Handling Your Calling

By Frank Decker –

Over the years I’ve attended countless mission conferences and other events in which a seemingly endless variety of Christian work is represented.  There may be a passionate plea to sponsor a child living in poverty, or to finance the drilling of a well to provide clean water for a village, or to help fund a missionary family moving overseas. So, how does one sort through or filter one’s response to an overabundance of need in the world without erecting some type of protective fortress around one’s heart?

In the last issue of Good News, my colleague Ruth Burgner wrote about “compassion fatigue” and the essential role of prayer. I wish to continue on this theme of how conscientious persons of faith can respond to a sea of physical and spiritual need. And I think a key to understanding this is found in recognizing the nature of our calling.

The word “call” is often used to describe the motivating factor in someone’s decision to engage in missions or other ministry. We often hear about one’s call. “When were you called to be a missionary?” “How do I know if I have ‘a call?’” I used to refer to the initial time when I first felt drawn to full-time ministry, and subsequently to foreign mission service, as my “calling.” I no longer do so. Rather, as I now teach our fledgling missionaries, I understand our most fundamental calling as reflected in Luke chapter six when, after spending a night in prayer, Jesus “called 12 disciples to himself.” Our fundamental calling is to Christ. What follows in the context of my life as his disciple can be seen as periodic callings or, better yet, “assignments.” I have found this understanding to be liberating for a few reasons.

These Spirit-led assignments can provide direction for my life. When God recurrently breaks my heart about something, I could very well be receiving a clue about my next assignment, because the manifestation of darkness in the world today that most stirs your heart can serve to chart the course of your next stage of ministry.

“The place God calls you to is the place where your deep gladness and the world’s deep hunger meet,” Frederick Beuchner once said. The forms of darkness manifested in our world are many, including substance abuse, suicide, human trafficking, substandard housing, non-potable water, child abuse, orphans, racism, homelessness, toxic relationships, the plight of refugees, a lack of basic healthcare, and those who have no access to the Good News. Of course, I could go on and on.  And while it is unlikely that any of us mortals would be equally and thoroughly brokenhearted by all of these aspects of darkness, I believe that God speaks to us by thoroughly breaking our heart about something.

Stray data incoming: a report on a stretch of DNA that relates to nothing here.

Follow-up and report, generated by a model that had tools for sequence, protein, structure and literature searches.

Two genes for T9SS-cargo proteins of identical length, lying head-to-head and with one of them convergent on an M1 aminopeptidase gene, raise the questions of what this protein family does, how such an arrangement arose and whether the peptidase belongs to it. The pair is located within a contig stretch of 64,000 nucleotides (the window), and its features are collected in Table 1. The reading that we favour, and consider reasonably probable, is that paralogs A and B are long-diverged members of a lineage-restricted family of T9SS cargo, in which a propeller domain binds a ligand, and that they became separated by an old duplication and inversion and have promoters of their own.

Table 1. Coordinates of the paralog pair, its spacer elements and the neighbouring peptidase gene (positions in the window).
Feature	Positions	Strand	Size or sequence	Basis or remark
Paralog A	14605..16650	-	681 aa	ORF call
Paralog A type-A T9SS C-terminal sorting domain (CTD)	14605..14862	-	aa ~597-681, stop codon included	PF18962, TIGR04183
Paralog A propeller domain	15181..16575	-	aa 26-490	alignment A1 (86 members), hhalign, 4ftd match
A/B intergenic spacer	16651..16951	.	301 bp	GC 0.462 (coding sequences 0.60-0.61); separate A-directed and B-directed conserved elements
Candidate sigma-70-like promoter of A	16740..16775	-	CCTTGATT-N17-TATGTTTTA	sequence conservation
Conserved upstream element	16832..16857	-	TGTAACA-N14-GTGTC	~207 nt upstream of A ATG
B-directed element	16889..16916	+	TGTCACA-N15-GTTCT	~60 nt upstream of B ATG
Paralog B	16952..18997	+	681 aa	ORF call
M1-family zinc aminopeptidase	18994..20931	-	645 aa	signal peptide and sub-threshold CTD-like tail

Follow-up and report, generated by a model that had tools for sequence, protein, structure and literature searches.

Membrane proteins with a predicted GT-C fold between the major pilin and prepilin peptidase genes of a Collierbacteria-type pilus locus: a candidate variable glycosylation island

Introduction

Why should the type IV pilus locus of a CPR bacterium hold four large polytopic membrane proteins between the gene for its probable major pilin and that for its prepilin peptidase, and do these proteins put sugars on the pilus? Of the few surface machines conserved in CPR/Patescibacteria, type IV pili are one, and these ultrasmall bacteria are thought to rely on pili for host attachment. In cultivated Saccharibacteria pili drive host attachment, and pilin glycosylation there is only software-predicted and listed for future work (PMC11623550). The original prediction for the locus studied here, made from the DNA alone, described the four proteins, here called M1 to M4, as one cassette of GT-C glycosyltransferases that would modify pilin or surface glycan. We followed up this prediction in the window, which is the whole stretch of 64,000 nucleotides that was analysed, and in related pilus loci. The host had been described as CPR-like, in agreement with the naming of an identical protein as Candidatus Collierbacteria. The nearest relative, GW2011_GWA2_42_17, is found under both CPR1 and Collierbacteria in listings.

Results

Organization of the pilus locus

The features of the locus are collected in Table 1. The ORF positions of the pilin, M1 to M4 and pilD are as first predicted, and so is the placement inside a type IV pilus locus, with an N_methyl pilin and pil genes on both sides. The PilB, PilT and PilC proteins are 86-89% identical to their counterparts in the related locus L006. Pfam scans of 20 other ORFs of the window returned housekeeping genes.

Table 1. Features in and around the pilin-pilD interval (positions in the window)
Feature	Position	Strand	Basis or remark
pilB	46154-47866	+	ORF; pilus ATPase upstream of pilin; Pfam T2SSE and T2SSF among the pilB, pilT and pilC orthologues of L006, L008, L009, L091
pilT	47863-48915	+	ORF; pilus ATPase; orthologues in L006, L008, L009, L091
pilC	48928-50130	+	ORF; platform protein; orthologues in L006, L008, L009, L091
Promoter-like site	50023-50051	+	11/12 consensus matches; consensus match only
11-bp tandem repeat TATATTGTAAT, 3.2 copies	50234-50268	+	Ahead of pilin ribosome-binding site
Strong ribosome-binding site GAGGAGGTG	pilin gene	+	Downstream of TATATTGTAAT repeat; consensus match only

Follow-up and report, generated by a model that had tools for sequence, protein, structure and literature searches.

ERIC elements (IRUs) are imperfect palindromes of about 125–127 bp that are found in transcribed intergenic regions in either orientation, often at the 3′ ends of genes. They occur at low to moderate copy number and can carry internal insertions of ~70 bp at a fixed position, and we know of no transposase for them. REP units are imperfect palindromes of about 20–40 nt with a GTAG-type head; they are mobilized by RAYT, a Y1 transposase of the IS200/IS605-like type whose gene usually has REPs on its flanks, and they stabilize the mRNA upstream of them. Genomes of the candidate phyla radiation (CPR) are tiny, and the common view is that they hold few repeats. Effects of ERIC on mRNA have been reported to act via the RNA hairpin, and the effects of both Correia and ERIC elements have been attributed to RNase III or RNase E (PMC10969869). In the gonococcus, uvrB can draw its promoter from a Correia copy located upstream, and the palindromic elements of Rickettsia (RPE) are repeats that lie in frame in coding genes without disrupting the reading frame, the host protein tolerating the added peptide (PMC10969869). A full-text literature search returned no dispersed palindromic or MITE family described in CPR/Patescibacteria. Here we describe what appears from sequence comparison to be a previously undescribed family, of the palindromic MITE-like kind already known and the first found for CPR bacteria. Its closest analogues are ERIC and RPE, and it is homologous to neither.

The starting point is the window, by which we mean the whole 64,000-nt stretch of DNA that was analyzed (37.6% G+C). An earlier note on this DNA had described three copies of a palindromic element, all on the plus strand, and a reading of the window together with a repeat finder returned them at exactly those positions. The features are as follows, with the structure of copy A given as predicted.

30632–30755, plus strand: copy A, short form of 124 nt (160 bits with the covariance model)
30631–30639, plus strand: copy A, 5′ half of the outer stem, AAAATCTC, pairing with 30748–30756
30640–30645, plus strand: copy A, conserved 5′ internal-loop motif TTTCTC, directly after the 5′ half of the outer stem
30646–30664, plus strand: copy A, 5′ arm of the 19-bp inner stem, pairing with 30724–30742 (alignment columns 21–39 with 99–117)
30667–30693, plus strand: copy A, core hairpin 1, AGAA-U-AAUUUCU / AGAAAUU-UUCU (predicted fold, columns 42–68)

Secondly, because ministry assignments address different forms of darkness, there is grace in knowing that these assignments are varied within the body of Christ. So, let’s say that I am convinced that my energy in this season of my life should be focused on helping refugees, and one day I hear in my church an impassioned plea by someone who has discovered the great need to adopt or foster a child. Let’s say that as a result of her zeal the speaker even implies that everyone who loves Jesus should adopt or foster a child. If I have a firm understanding that much of my energy and resources involve addressing darkness in another manner, I can be protected from an undeserved sense of guilt or obligation. (At the same time, if I am not passionate about addressing any form of need as part of my life in Christ, then I must be wary of the danger of developing a sort of Teflon coating that would protect my heart from conviction.) 

Finally, ministry assignments can be seasonal and are likely to change in the course of one’s faith walk. The thing that excited me the most when I entered ministry 38 years ago is different than the prevailing ministry that has motivated me to get out of bed for the past 15 years or so. I think this change happens as we mature and go through seasons of life and stages of faith. 

As followers of Jesus our primary call is to Christ himself, and as we walk with him we are beckoned to respond to the needs of a broken world with sensitivity and compassion. When we each discern the specific manner that we are drawn to respond to that invitation, we witness the advance of God’s kingdom on earth. A colleague of mine once said, “The type of workers needed today are those who will stand on the edge of darkness and say ‘Something has got to be done about that.’” What aspect of the darkness breaks your heart?

Frank Decker is the Vice President for Training and Formation at TMS Global – www.TMS-Global.org.


  1. Dear Frank, Excellent and thoughtful “read”. Thank You. As I am in my mid 70’s, What you have written about rings true. I am reminded of:
    Ephesians 2:9 Salvation is not a reward for the good things we have done, so none of us can boast about it.
    Ephesians 2:10 For we are God’s masterpiece. He has created us anew in Christ Jesus, so we can do the good things He planned for us long ago. (Nlt)
    It is God which has brought us the seasons of our works.

  2. Peter Huber says


    Thank you for a very thoughtful and helpful article. I appreciate your perspective and response to our Lord’s leading in writing it.

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